There is a bright red-hulled sailboat in our mooring field, and as we went by it, we recognized Eho, the exceptional mechanic from the Carenage. We slowed and talked to him. He has CoVid, for heaven's sake! In addition, we thought that we had seen his lovely wife in Apu Bay and when asked about that, he confirmed our suspicions. We wished him luck and motored on.
We made our way out of our little bay, around Apooiti Point to the enormous mooring field for SunSail and The Moorings yacht leasing company. With all yacht leasing halted by the lockdown, the mooring field was completely full, as we had suspected. On we motored until we finally entered the tiny canal beside the airstrip itself. It's shallow but they finally had some channel markers installed, so navigating was a bit easier than in previous years. After 10 minutes of motoring up the calm canal, we arrived at the dock at the terminal. As mentioned, visitors from Taha’a arrive and depart from that island by boat, and the dock is their entrance into the airport building. It's really kind of cool to arrive at the airport by dinghy, at least we think so. Where else could that happen?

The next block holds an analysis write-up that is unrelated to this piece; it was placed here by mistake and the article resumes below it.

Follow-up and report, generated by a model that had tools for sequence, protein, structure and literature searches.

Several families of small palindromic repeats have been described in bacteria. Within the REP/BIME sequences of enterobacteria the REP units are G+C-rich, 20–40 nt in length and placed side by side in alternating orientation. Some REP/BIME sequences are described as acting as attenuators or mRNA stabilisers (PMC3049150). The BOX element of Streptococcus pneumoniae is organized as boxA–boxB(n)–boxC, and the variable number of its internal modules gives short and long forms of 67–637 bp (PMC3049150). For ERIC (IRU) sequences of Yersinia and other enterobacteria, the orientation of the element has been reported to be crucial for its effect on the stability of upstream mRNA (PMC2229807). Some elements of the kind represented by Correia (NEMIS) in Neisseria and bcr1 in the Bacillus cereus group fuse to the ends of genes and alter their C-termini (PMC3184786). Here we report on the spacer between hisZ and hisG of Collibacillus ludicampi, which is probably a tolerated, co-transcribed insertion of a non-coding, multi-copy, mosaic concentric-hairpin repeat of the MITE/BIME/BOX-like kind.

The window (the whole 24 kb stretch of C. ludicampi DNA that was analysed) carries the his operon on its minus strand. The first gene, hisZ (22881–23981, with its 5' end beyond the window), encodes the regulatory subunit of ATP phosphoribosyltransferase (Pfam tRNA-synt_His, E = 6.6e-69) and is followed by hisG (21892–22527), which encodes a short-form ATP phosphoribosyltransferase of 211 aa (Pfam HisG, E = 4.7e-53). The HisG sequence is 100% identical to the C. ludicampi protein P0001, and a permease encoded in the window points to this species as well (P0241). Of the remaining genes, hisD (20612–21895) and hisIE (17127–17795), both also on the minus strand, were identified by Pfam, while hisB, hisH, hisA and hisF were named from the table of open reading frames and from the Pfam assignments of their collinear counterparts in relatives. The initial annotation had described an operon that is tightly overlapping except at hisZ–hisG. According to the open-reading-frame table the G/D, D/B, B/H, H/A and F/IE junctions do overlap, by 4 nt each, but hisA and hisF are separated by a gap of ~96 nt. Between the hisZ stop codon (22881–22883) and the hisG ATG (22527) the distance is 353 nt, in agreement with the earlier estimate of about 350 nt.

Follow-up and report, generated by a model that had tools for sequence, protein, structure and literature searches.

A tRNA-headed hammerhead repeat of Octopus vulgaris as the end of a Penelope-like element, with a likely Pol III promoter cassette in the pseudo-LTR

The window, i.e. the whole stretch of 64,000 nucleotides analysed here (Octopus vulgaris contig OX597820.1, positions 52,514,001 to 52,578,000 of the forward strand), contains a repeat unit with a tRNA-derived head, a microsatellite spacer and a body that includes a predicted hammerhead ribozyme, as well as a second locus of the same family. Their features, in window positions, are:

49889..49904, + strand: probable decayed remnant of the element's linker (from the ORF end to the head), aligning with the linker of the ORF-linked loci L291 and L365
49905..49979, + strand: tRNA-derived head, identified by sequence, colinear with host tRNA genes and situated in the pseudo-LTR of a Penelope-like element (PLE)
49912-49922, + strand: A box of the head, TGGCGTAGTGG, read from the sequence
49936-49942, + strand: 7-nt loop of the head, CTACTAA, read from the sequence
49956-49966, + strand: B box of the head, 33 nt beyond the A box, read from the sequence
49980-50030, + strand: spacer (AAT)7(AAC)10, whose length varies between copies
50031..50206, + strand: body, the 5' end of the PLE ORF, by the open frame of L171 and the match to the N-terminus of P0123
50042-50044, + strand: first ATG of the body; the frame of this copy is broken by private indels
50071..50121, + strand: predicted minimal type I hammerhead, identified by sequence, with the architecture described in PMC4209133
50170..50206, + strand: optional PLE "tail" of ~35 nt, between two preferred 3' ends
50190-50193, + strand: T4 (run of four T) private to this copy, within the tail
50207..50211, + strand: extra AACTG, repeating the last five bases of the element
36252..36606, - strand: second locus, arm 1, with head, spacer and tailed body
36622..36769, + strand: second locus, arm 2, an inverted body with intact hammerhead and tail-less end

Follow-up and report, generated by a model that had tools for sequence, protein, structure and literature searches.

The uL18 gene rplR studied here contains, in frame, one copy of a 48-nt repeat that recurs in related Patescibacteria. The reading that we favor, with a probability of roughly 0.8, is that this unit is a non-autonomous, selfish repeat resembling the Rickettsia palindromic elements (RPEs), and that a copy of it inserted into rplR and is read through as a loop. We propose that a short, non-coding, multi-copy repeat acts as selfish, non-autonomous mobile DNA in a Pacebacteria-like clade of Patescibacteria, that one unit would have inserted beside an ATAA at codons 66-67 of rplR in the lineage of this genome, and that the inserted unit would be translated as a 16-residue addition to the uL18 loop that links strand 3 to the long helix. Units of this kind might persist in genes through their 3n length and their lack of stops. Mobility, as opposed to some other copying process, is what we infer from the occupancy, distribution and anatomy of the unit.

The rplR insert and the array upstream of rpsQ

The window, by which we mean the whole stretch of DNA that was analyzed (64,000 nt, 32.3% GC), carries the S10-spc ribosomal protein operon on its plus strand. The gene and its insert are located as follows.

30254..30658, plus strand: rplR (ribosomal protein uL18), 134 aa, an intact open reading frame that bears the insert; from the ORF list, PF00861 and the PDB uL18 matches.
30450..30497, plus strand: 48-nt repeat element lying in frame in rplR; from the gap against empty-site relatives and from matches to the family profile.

We arrived at the dock, tied up and donned our masks. Ian had no trouble at the counter and returned to us, ticket in hand. We waited for a bit, then decided that he could manage and headed back to Wings. We couldn't dodge a few rain squalls, so we both arrived soaked to the skin. It was fresh water, so it was a huge benefit to us!
We hope that our guest had a nice time. So many experiences were simply eliminated by the lockdown but that as out of our control.
For dinner, Conni prepared a can of cassoulet, a French bean dish with sausage and duck. We just sat in the cockpit watching the sun set around us since we were no longer on entertainment duty. The wind had died and the lagoon was calm as the daylight died. At late twilight, there was still some sun illumination, the few boats around us were just dark but detailed silhouettes. It was a beautiful time of the day. Venus was out first, of course. In the quiet evening, we could hear the almost subliminal roar of the surf pounding on the lagoon's surrounding coral reef, two miles away. It's one of the more characteristic island sounds and one of my favorites. Good night.